An Introduction to The Mary Paula Walsh Library
by Kay Conroy, Co-founder of Turning Point™
There is a charcoal portrait of Dublin’s first chief librarian in the archive of the National Gallery.
The portrait is of Roisin Walsh.
Roisin Walsh was a feminist, republican, educationalist, linguist and one of the world’s first female head librarians.
She was born in Co Tyrone in 1889, educated at St Louis Convent Monaghan, Dominican Convent Eccles Street, UCD and Cambridge. She lectured in English and Irish, was involved in the nationalist independent movement, lectured on Irish language folklore and culture across Europe and America and was appointed chief national librarian in Dublin in 1931.
Her motto ‘Revolution by Education’ promoted changing Irish society through education and the diffusion of knowledge. She believed there could be,
‘No progress until the people have been educated first.’
As the chief librarian she ensured access to books by expanding all library services nationally, especially for those who could not afford the privilege of education at the time.
She encouraged books in Irish and by Irish authors and developed and expanded libraries in Inchicore, Drumcondra, Phibsborough and Ringsend in the socially expanding city of Dublin in the 1930’s.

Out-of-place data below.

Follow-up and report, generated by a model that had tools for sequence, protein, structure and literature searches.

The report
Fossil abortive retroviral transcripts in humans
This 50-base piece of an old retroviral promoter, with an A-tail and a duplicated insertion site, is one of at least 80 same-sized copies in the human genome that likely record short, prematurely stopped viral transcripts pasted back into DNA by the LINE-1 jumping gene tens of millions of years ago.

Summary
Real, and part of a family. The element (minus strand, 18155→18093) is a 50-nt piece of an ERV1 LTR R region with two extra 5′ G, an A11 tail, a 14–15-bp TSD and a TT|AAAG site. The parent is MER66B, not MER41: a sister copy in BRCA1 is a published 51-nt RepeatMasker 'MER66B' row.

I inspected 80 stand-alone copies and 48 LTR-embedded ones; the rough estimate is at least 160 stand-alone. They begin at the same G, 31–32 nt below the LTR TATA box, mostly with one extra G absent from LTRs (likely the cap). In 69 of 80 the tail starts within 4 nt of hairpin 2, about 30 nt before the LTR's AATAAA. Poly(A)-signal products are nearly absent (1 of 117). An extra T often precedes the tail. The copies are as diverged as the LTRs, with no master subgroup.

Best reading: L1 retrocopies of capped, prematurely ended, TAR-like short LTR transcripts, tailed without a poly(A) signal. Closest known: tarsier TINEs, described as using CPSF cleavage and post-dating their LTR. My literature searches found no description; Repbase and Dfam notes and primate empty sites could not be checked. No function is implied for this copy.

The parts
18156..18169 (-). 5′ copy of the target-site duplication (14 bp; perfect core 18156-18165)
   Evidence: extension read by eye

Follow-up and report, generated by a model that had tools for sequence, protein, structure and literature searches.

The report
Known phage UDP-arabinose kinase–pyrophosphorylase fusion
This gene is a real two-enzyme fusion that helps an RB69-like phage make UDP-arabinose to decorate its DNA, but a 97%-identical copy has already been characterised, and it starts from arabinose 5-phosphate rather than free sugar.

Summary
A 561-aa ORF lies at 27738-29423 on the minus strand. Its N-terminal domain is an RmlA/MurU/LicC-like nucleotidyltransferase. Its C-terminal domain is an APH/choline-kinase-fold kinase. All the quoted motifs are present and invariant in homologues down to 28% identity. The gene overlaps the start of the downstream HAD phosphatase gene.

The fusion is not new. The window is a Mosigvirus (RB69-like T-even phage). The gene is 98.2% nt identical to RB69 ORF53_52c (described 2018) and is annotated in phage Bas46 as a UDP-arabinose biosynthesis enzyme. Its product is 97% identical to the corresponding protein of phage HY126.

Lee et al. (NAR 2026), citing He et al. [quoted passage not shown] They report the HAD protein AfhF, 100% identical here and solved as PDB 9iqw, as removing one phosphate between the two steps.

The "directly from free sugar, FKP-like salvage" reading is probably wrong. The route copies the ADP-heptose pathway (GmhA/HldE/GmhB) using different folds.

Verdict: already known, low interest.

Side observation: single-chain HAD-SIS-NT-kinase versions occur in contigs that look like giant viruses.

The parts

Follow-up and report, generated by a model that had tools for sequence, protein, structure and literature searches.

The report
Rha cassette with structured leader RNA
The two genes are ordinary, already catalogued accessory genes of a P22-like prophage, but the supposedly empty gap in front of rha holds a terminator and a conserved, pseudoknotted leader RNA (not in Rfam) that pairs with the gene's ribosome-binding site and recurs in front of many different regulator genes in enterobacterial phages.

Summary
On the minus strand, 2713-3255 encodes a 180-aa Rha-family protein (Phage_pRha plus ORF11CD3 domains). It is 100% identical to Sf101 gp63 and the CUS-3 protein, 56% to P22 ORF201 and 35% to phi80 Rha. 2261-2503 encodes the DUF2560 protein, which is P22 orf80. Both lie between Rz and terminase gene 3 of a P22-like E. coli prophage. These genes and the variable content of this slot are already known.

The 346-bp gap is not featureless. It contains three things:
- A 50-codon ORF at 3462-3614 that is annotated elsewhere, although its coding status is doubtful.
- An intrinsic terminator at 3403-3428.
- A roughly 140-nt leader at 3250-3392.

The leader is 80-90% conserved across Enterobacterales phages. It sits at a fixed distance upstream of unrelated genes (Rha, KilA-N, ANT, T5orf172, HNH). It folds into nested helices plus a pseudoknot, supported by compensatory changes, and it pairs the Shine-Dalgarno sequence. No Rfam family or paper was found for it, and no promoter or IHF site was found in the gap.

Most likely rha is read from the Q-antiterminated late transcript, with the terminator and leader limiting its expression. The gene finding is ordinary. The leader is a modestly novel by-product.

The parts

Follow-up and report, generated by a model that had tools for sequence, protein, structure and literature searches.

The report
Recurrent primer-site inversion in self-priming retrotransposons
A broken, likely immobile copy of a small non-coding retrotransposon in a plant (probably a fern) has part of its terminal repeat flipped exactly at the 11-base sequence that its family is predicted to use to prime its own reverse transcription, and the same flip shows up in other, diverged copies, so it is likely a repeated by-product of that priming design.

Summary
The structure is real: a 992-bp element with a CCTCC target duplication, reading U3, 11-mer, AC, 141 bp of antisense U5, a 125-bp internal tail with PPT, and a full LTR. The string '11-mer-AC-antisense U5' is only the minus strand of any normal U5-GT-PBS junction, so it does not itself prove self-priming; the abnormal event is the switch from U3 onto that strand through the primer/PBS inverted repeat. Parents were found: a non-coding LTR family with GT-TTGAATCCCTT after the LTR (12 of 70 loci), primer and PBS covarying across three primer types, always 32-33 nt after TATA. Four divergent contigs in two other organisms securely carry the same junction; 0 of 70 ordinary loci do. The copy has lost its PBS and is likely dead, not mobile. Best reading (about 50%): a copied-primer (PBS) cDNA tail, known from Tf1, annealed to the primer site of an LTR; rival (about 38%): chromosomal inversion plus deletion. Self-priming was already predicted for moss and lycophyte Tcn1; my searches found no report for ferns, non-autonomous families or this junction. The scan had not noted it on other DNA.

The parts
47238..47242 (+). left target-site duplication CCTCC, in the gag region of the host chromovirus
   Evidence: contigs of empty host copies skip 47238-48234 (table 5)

The Portrait of Roisin Walsh, now in the archive of the National Gallery, is by Sean O Sullivan and it was presented to the National Gallery by her niece Mary Paula Walsh in 2017. Mary Paula died in April of 2017. She was co-founder of Turning Point™ and as a pioneering social scientist and psychotherapist, she followed closely in the innovative and visionary footsteps of her Aunt Roisin.
This new library – internal to Turning Point™ – is to be named The Mary Paula Walsh Library in memory of both her and Roisin Walsh’s pioneering leadership, initiatives and legacy.
All of us depend on the knowledge and the experience of others. All of us are richer for the local, national and world works, texts, thoughts, information, writings, and narratives through and in all disciplines. That is how we connect and learn and expand.
Developing The Mary Paula Walsh Library is investing in social, intellectual and emotional progression. This is one of the central objectives of how Mary Paula Walsh and I imagined and developed Turning Point™ in 1986 to what it is today.
In the preface to her book on Living after a Death Mary Paula writes of the hope that her book can become a companion to those who might feel the weight of grief and despair following a death. Such a hope parallels both the core of Turning Point™ and the aim of this new library.
The library is where all students can find a route to knowledge and be free to explore and understand a sense of themselves. Reading brings a personal world and the world of others alive in the mind and movement of the reader.
The Mary Paula Walsh Library is to be a companion to all students and readers, developing their personal journeys before they accompany others, on their journey towards individual healing.
As C S Lewis was told by one of his students,
‘We read to know that we are not alone.’
All the journeys of life are to be found in libraries.
They are all there.
In a million forms.
The Mary Paula Walsh Library is for all students of Turning Point™ and beyond.